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UN: International Justice -- Ad Hoc Tribunals Fill Void (Part 4)

The United Nations tribunals for the former Yugoslavia and Rwanda have helped write new international law in investigating abuses from two brutal conflicts. Three war crimes courts in the planning stages may provide further models for how to provide justice for shattered societies. But the paths to create these new ad hoc tribunals have been difficult and illustrate the complexity and expense of mounting a national war crimes process.

United Nations, 7 September 2001 (RFE/RL) -- In the absence of a permanent international criminal court, a growing number of ad hoc tribunals have begun to fill the void in prosecuting some of the world's worst crimes.

The tribunals for the former Yugoslavia and Rwanda, set up by the UN Security Council and funded by UN member states, are fully operational. Their start-up has been slow and expensive, but they are generally regarded by governments and civil society groups as essential to the transition of these societies from war to peace.

These tribunals have already set precedents in international criminal law -- for prosecuting leaders for genocide and journalists for inciting genocidal violence, and for establishing rape as a war crime.

Two states victimized by crimes against humanity -- Cambodia and Sierra Leone -- are now attempting, with UN assistance, to set up tribunals. The UN-administered territory of East Timor, which is on the road to independence, has its own special panel investigating genocide and other serious crimes.

The UN Assistant Undersecretary-General for Legal Affairs, Ralph Zacklin, who is closely involved in these efforts, says the latest attempt to set up war crimes courts reflects a growing recognition of the need to prosecute the world's most serious crimes.

"The proliferation of ad hoc tribunals of different kinds, whether international or mixed as in the case of Cambodia or Sierra Leone in one sense, of course, is a positive development because it shows that the international community is coming to grips with the problem of impunity."

But each effort, Zacklin says, involves a separate set of characteristics, legal obstacles and fund-raising challenges. The UN Security Council, while supportive of these planned tribunals, will not fund them as it did in the cases of the former Yugoslavia and Rwanda in 1993 and 1994.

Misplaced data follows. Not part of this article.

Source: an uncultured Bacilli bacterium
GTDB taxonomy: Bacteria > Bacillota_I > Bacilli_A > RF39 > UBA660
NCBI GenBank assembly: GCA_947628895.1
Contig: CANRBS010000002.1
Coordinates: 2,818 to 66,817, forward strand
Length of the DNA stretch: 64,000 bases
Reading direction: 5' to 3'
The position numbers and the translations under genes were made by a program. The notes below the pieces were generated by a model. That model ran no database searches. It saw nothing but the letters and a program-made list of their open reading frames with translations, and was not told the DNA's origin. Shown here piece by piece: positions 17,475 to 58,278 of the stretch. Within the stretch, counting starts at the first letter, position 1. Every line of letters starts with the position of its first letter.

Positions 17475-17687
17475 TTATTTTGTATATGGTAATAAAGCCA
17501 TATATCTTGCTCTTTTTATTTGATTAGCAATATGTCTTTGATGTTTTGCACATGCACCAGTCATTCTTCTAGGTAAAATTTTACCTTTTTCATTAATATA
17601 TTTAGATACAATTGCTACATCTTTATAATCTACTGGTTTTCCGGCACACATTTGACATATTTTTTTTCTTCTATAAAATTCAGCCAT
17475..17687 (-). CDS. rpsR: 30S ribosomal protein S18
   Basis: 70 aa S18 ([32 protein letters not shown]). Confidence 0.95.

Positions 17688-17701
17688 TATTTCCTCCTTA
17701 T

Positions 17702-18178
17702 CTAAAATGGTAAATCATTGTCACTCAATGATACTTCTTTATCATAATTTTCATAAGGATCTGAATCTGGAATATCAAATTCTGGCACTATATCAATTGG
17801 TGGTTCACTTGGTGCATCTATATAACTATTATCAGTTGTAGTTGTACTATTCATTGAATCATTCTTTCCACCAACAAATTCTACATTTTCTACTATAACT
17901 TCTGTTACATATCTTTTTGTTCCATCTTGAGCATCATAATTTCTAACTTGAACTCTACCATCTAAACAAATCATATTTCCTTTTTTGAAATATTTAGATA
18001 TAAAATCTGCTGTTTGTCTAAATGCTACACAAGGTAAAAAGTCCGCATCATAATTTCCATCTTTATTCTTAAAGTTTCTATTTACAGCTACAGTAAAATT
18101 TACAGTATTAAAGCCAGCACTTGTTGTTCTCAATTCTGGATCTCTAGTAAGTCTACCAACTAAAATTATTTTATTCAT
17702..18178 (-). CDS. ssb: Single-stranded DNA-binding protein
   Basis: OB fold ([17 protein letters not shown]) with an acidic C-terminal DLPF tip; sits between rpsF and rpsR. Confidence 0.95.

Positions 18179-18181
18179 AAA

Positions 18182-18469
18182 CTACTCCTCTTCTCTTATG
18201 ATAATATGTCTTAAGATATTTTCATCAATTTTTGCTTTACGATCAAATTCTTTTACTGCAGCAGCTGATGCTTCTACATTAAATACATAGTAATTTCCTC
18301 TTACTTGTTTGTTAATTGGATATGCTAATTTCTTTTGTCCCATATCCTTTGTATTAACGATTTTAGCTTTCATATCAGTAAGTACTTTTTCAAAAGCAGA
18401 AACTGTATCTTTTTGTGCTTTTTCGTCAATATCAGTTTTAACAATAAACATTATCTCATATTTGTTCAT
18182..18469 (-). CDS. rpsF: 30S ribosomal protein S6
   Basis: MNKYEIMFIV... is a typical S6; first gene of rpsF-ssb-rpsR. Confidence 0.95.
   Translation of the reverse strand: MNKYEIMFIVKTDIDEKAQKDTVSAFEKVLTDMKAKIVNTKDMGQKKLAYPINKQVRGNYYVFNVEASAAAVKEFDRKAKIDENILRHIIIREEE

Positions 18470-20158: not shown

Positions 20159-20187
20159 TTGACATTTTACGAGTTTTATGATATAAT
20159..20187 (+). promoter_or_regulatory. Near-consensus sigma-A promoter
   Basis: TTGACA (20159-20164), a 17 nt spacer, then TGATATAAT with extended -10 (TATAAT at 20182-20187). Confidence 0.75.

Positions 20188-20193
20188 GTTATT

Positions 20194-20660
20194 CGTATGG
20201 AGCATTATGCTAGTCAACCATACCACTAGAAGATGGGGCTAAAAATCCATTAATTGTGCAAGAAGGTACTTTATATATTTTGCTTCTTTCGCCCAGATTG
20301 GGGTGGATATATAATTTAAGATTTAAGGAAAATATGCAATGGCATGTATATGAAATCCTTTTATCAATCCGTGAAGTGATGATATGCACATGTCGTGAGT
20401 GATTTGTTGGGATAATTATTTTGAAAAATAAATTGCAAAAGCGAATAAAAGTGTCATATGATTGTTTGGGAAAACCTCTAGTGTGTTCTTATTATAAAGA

Zacklin says there is no longer support on the council for setting up such subsidiary legal bodies. And a number of UN member states, he says, do not approve of the council establishing international criminal tribunals.

The total annual cost for both the Yugoslav and Rwanda tribunals is about $100 million. The UN estimates that a Sierra Leone tribunal, set to run for three years, will cost $57 million. That money would go for trial and appeals chambers, judges and the office of prosecutor, investigators and a registrar, among other expenses.

Zacklin says just a small portion of the pledged amount for the Sierra Leone court has been received. He says he expects similar problems in Cambodia, where total expenses have not yet been estimated.

"The investigation of war crimes is a very labor intensive activity and in some cases it involves -- as it has in Yugoslavia and Rwanda -- a lot of forensic evidence, so this is quite an expensive operation."

Most governments react positively to the idea of such courts but are often slow to provide financial support, says David Scheffer, a senior fellow at the U.S. Institute of Peace, an independent organization that supports conflict resolution. Scheffer was the ambassador-at-large for war crimes under the administration of U.S. President Bill Clinton and worked to raise money for the ad hoc tribunals. He says it is difficult to muster political and financial support from governments once the real work for these tribunals begins.

"In theory, it looks good. In practice, it's expensive and it requires political capital to make it work. It requires a tremendous diplomatic effort to make it work. It requires focus by governments at a time when they would prefer to focus on other priorities in their societies."

But Scheffer says it would be a serious setback to the development of Cambodia and Sierra Leone if the planned tribunals are not established.